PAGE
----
Power Steering Fluid

How To Change Power Steering Fluid?

The approach to how to change power steering fluid is pretty straightforward. Power steering systems are mainly designed to ease your driving experiences. An excellent example of the smooth action is how you turn the wheels of a large five-thousand-pound truck with one hand.

Designers have come up with newer variations that feature unique speed-sensitive electric power steering. These seem to reduce the slow incidence of the engine. Nevertheless, most of the new vehicles still use hydraulic power assist that contains the age-old belt-driven pump.

If you hear a creaky sound while turning the steering, or if the fluid is black, it’s high time you change the power steering fluid.

Experts often deny changing the power steering fluid too often, within 24,000-100,000 miles. They believe it’s best to consult the vehicle’s manual for when and how to change the power steering fluid.

This post shall acquaint you with all that you need to know for changing the power steering fluid yourself. So, without any further ado, let’s get the tools ready!

How to Prepare for Changing the Power Steering Fluid?

The first step to changing the power steering fluid is to check for your vehicle’s most suitable power steering fluid. This information should be easily available from the vehicle’s manual.

Once you are ready with the type of fluid and purchase the same, you need to get rid of the old fluid to put in the new one. That requires you to locate the reservoir in your vehicle’s engine area.

Locating the reservoir should not be much of a hassle. You should look for a cap that says “power steering fluid” or has a steering wheel icon on top. Once you locate the right one, remove the cap. That will be your cue to get hands-on with the fluid-changing procedure.

How to Change Power Steering Fluid?

First, you should get the jack to lift the car. While doing so, make sure that the front wheels are off the ground. Now, the real deal of how to change power steering fluid begins.

Drain the Old Power Steering Fluid

Lifting the front of the vehicle off the ground makes it easier to go below the car. Put the jack under the vehicle before you slide underneath it. Wear your gloves and grab a can to hold the drained-out old fluid.

A turkey baster helps to get the old steering fluid out of the reservoir. If you find that a bit of fluid remaining in the reservoir, turn the car on to ignition mode and power it till the radio and lights come on without starting the engine.

That should allow you to turn the steering wheel and flush out the left-out fluid, which you will be able to hold below the car.

Fill the Reservoir with New Fluid

For starters, place a funnel on top of the reservoir to pour the power steering fluid precisely and at proper levels. Once you have successfully filled the reservoir, close it with the cap back on.

Turn the ignition on again and move the steering wheel sharply to the left and the right. Go back to check the steering fluid levels, and add more if required.

Ensure the Fluid Levels Again

Finally, remove the jack and let the front tires touch the ground again. Now, start the car and keep the ignition on for about 20 seconds. Turn the power steering wheel from left to right and then from right to left to check the fluid level.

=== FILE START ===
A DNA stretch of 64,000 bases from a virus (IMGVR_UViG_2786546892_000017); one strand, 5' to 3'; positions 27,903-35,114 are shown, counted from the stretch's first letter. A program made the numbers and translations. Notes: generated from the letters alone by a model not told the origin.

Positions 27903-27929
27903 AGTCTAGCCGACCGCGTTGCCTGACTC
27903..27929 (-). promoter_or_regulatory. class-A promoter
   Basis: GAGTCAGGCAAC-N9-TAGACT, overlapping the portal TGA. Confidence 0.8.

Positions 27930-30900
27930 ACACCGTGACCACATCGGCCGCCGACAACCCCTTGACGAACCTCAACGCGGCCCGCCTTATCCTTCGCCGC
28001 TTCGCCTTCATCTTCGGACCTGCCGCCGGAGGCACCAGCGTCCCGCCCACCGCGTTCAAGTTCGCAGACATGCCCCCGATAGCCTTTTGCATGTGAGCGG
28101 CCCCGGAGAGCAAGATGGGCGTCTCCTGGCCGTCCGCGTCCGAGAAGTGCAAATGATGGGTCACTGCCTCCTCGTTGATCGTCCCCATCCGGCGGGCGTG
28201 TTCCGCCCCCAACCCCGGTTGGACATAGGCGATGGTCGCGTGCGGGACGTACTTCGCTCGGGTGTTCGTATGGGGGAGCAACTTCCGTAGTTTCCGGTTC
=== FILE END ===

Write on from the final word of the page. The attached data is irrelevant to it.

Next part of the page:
You can go for a short drive around the block to check if the steering wheel is running well without any noises.

Why Is It Important to Change Your Power-Steering Fluid?

While out on routine service of your car, you may hear a creaking sound that comes when you turn your power steering wheel. That is the sound that it makes when the power steering fluid has worn out and turned black.

Bear in mind that engine oil and transmission fluids also change color eventually, so a deeper shade doesn’t necessarily indicate something bad. So, it’s essential to consult the owner’s manual or the technicians at the regular service. So, why is it important to change the steering fluid? Let’s see why!

  • Prevents System Damage: Monthly checks of the steering fluid ensure that the power steering system is free of any leakages. Sometimes, O-rings or seals may deter the system, causing a leakage, leading to system damage, including the pump.
  • Ensure Smooth Driving: Degraded steering fluid or insufficient fluid creates a high-pitch sound while turning the steering wheel when driving. That also calls for more effort while turning the steering wheel, putting strain on your wrists. With upgraded power steering fluid, the steering wheel works smoothly without any pressure.
  • Ensures Safety: It may so happen that the steering wheel turns abnormally, which means it’s stuck at the wrong time. This leaves the car brakes to be your only rescue. That is dangerous. Changing the power steering wheel on time helps you prevent such mishaps while keeping you safe at the same time.

Thus, the hassle-free working of the power steering wheel is vital for a smooth drive and also your safety.


Now that you have the idea of how to change the power steering fluid in your car, you can easily go for long drives without facing any issues when turning the steering wheel.

Bear in mind to check for odd noises or if the old steering fluid has changes color. If any of the two happens, make sure to consult an expert before changing the fluid straightaway. As already mentioned, a dark color doesn’t necessarily mean the fluid has gone wrong.

Following the protocol, if you detect any defect, you can now easily change the power steering fluid of your vehicle at home.


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